Ex parte Grider
Appeal 2013-003930; Appl. No. 12/493,514; Tech. Center 2800
Decided: January 22, 2015
The application on appeal was directed to an auto light assembly with a charging port. A representative claim on appeal read:
1. An automotive vehicle capable of receiving power from an electrical power grid, the vehicle comprising:The dispositive issue on appeal was the meaning of "exterior lamp assembly." The Examiner rejected claim 1 as anticipated by Austin. The Examiner mapped the claim's "electrical port" to electrical connector 170 in Austin's Fig. 22, the "illumination source" to the "headlamp in Fig. 22," and the "exterior lamp assembly" to reference number 172 in Fig. 22.
a battery charger; and
an exterior lamp assembly including (i) an illumination source and (ii) an electrical port configured to be electrically connected with the electrical power grid, wherein the electrical port is electrically connected with the battery charger.
During prosecution the Applicant argued that Austin's 172 was not properly understood as an "exterior lamp assembly." The Applicant pointed out that Austin described 172 as a "front or rear surface." ("The electrical connector 170 [can be] located in a front or rear surface [fascia] 172, 174 of the vehicle.") According to the Applicant, 172 was best understood as a fascia or a surface of the vehicle's bumper cover.
In a Final Office Action, the Examiner responded that this surface "clearly includes an exterior lamp, thus making interpreting item 172 as an exterior lamp assembly reasonable."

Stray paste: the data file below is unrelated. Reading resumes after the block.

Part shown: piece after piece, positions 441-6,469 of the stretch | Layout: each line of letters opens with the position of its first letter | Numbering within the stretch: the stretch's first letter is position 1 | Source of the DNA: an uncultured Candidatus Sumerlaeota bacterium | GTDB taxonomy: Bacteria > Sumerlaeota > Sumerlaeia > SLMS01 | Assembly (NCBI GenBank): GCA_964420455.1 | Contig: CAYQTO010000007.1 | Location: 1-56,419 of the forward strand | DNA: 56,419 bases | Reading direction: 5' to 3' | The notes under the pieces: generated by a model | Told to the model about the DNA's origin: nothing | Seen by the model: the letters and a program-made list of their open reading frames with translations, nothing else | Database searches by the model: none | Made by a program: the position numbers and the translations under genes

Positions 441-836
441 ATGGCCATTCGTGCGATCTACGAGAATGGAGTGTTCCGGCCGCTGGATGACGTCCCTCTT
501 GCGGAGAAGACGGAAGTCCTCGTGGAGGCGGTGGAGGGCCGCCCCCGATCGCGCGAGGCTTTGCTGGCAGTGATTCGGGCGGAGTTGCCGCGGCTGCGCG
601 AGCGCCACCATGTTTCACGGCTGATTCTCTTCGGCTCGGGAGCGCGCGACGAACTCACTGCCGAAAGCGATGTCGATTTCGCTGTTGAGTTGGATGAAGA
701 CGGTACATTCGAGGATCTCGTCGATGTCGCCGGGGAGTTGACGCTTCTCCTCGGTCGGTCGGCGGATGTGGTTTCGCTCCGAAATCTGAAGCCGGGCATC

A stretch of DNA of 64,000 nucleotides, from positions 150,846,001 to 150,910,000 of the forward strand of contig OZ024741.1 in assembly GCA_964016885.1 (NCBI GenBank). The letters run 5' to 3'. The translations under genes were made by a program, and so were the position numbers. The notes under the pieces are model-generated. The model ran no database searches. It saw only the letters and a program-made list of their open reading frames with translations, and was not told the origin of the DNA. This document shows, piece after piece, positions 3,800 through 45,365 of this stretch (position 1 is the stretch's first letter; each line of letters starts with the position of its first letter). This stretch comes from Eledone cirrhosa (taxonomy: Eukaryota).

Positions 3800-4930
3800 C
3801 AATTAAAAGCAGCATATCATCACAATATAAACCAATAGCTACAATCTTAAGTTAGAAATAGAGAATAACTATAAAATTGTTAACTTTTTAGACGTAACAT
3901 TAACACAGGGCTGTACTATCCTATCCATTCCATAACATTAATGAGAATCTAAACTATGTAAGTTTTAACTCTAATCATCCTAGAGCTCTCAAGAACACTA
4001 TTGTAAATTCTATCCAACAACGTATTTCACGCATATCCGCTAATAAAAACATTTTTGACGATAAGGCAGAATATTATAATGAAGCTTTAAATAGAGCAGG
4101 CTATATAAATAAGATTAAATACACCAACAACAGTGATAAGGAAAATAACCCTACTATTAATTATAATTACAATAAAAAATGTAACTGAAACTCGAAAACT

On appeal, the Applicant reiterated the earlier argument, and elaborated as follows:
The examiner argues that because Austin's front fascia 172 at least partially surrounds Austin's exterior lamp assembly, that front fascia 172 is somehow part of the exterior lamp assembly. This logic, however, is flawed. By analogy, a tire can surround the wheel on which it is mounted. This does not mean that the tire is somehow part of the wheel. Similarly, a shoe can surround a foot. This does not mean that the shoe is somehow part of the foot. Hence, Austin's fascia is not part of Austin's exterior lamp assembly.The Examiner maintained this position on appeal. The Examiner responded to the Appeal Brief arguments by asserting that "front surface (172) of Austin is clearly an exterior device, which includes a headlamp/illumination source (Fig. 22), therefore reading on an exterior lamp assembly." The Examiner then explained that while the Applicant had argued for a narrowed interpretation, no such features were present in the claim. Finally, the Examiner noted that the Applicant had not provided any evidence that reading the claimed feature on Austin's surface 172 was unreasonable.
The Applicant filed a Reply Brief to rebut points raised in the Examiner's Answer. The Applicant first argued that the Examiner's interpretation was inconsistent with the interpretation of a person of ordinary skill.
Austin's "front or rear surface" language does not refer to the clear surface covering Austin's headlamps. Instead ... one of ordinary skill would interpret "front or rear surface 172, 174" as referring to Austin's fascia, which as known in the art do not include headlamp assemblies. Austin's windshield is an "exterior device" in as much as Austin's headlamp assembly is an "exterior device." One of ordinary skill upon reading Austin's "front or rear surface 172, 174" language and referring to Figure 22, however, would not conclude that Austin is suggesting that the power cord could be plugged into Austin's windshield for obvious reasons.Finally, the Applicant presented additional technical reasoning as to why a POSITA would not understand Austin to disclose a lamp assembly included in the bumper surface 172: